Proposal would prevent South Portland from having to enforce federal immigration law

Posted April 13, 2017, at 5:35 p.m.
Last modified April 21, 2017, at 8:11 p.m.

South Portland is considering a proposal that seeks to clarify what the city’s responsibility is regarding immigration.

The amendment, proposed by District 3 councilman Eben Rose, would be applied to an anti-hate resolution passed by the council in February.

Rose is shying away from the term “sanctuary city,” and that language appears nowhere in the amended resolution. Rather, he says the amendment’s purpose is simple. A municipality, he says, should not have to take on the job of the federal government.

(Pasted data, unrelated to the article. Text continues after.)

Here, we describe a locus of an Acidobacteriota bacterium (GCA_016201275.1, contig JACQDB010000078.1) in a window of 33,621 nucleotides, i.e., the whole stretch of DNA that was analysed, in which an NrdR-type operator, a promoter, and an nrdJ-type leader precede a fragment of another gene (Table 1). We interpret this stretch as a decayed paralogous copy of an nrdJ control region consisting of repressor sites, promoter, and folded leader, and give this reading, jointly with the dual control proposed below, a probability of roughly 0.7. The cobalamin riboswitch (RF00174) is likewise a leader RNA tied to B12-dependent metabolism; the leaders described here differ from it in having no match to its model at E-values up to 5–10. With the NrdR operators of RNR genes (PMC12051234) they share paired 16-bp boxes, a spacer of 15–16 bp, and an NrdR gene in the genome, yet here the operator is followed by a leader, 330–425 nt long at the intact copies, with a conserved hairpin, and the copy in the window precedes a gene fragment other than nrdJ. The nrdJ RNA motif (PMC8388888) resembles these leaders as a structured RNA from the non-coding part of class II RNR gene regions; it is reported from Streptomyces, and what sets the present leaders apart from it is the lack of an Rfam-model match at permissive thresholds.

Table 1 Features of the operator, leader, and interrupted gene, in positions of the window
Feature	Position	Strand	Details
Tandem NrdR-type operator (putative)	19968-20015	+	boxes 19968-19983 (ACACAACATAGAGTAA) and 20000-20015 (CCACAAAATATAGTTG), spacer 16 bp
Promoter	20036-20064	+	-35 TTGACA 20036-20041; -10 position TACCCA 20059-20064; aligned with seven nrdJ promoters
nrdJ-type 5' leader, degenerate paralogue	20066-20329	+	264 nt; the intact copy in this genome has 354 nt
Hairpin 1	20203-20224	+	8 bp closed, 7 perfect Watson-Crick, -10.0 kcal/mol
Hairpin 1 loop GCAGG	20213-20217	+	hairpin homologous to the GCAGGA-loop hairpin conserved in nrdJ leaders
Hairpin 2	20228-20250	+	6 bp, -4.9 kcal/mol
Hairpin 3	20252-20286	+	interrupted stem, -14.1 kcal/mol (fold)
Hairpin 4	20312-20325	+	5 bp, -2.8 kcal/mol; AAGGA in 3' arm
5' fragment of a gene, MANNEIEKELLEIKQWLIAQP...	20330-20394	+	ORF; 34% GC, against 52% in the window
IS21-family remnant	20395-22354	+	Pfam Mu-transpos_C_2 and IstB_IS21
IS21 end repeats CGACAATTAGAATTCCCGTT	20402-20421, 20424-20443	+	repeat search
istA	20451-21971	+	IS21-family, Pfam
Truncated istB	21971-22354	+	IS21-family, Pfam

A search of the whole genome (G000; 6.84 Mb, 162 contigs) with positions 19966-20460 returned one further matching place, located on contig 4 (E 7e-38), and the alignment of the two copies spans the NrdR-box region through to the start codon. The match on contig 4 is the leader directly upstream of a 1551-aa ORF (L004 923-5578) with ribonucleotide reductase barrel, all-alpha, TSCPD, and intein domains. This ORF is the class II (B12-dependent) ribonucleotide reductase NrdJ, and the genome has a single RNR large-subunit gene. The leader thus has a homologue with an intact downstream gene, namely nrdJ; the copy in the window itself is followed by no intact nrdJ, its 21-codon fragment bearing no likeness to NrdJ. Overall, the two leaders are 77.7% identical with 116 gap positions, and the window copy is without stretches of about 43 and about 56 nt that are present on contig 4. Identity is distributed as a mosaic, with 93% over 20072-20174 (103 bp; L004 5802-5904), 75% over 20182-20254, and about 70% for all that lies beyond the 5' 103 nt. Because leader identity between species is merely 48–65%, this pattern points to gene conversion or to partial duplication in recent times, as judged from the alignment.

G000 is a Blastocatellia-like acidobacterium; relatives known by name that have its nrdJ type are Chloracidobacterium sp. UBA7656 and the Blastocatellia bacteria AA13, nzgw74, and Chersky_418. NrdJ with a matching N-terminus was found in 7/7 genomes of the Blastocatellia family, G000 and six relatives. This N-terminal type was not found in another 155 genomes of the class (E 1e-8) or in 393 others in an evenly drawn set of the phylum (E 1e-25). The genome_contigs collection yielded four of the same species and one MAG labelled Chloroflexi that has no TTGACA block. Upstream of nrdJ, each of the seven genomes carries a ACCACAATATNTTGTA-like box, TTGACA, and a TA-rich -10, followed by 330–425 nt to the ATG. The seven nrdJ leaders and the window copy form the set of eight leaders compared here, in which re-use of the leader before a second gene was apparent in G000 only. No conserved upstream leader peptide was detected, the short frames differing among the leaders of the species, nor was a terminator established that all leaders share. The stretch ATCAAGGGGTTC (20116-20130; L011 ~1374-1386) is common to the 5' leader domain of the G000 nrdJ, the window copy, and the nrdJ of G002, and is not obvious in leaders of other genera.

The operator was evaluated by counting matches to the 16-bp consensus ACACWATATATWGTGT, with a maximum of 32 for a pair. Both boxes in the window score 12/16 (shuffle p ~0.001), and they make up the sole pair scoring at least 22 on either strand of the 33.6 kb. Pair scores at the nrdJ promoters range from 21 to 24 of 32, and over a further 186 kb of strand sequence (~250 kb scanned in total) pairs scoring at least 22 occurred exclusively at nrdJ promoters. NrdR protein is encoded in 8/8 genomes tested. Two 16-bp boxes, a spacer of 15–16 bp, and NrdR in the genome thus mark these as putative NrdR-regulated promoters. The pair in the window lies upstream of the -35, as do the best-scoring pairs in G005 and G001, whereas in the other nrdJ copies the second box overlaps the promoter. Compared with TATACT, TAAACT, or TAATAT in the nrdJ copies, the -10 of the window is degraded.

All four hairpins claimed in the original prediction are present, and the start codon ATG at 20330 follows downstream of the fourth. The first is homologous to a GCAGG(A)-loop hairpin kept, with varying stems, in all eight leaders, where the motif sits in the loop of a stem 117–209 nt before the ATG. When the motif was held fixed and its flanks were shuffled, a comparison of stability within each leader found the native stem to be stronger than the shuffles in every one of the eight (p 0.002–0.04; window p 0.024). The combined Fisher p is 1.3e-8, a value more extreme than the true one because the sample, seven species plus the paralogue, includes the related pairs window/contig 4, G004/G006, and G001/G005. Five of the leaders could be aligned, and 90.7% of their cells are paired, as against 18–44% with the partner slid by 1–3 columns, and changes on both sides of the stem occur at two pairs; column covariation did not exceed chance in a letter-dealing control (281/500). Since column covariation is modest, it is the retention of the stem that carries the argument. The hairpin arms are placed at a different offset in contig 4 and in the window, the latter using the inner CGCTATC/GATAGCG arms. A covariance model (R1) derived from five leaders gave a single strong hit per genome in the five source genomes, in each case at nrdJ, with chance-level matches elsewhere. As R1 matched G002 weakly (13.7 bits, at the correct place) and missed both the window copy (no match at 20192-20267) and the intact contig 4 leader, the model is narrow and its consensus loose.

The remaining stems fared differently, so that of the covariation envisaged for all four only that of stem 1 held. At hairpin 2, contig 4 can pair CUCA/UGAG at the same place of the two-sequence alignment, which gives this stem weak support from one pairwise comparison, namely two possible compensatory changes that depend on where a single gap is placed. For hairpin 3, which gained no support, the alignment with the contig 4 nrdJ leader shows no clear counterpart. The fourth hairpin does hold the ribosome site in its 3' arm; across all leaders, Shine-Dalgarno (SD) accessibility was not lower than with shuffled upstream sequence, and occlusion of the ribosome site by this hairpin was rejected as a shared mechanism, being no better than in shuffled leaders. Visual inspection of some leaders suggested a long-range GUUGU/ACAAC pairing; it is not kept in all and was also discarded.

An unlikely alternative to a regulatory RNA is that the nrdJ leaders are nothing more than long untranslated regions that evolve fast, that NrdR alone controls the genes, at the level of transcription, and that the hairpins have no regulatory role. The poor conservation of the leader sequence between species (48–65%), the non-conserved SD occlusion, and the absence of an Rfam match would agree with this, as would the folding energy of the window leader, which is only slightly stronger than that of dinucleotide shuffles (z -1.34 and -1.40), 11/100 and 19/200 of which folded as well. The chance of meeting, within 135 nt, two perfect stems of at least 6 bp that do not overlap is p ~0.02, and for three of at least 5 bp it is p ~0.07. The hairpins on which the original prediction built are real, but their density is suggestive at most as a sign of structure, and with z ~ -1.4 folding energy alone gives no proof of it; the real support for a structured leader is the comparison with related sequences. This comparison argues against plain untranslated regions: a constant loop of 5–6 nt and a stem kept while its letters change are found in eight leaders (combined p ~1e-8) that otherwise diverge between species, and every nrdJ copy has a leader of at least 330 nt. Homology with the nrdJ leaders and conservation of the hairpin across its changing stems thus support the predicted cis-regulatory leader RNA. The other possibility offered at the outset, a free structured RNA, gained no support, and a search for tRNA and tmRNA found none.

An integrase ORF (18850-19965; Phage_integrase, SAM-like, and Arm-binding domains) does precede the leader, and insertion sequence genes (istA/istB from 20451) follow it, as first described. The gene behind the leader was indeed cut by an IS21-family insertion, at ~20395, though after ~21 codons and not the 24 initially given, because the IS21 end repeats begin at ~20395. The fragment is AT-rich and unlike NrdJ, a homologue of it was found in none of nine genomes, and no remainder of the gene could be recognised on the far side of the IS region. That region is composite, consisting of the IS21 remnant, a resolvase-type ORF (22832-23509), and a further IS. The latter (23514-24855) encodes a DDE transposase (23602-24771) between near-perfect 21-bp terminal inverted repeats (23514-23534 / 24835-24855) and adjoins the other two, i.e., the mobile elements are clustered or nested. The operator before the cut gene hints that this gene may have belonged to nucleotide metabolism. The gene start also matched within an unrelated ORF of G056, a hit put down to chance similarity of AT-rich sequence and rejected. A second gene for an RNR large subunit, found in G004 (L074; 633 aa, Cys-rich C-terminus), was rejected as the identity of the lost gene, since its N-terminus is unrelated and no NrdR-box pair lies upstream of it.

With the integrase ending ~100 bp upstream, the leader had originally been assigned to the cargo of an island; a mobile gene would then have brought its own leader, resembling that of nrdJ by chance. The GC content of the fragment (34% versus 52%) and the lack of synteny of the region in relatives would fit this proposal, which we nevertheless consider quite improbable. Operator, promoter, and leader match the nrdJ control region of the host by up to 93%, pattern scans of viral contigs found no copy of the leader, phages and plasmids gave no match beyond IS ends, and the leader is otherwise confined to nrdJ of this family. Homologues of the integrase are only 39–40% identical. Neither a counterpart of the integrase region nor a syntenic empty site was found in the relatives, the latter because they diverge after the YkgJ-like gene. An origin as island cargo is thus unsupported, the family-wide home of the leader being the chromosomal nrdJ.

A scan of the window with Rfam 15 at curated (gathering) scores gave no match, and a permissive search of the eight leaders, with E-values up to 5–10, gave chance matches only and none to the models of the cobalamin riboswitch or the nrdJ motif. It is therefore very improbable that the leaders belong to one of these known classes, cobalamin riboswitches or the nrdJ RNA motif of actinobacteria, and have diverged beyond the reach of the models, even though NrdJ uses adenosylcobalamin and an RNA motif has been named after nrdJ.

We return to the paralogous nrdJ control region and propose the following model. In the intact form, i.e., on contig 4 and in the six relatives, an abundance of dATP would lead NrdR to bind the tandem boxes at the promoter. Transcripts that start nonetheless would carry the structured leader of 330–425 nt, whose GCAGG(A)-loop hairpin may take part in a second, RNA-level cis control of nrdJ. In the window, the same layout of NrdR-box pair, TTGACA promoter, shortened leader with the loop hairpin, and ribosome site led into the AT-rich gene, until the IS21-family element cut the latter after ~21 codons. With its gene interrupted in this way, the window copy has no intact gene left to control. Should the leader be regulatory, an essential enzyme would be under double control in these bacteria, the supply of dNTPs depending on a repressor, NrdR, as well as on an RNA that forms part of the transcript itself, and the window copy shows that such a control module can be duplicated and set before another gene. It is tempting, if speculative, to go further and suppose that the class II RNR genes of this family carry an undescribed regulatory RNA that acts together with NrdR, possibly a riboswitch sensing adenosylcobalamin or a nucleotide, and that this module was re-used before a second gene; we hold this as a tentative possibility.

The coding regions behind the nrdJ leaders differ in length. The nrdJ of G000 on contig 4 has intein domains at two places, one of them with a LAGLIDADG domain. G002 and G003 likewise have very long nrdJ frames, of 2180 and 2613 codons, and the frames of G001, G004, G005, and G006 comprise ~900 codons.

“Why would any city be expected by the federal government to use local taxpayer-funded resources to enforce federal immigration law? We’ve never enforced federal immigration law,” he says.

Rose says his amendment will reinforce the line between the kinds of issues a local police department deals with, such as crimes committed, and the kinds of issues that immigration officials deal with, such as simple passport status.

Some opponents fear such a move could jeopardize funding and put the city in conflict with the federal government.

The proposal is up for a public hearing on April 24.

This article appears through a media partnership with Maine Public.

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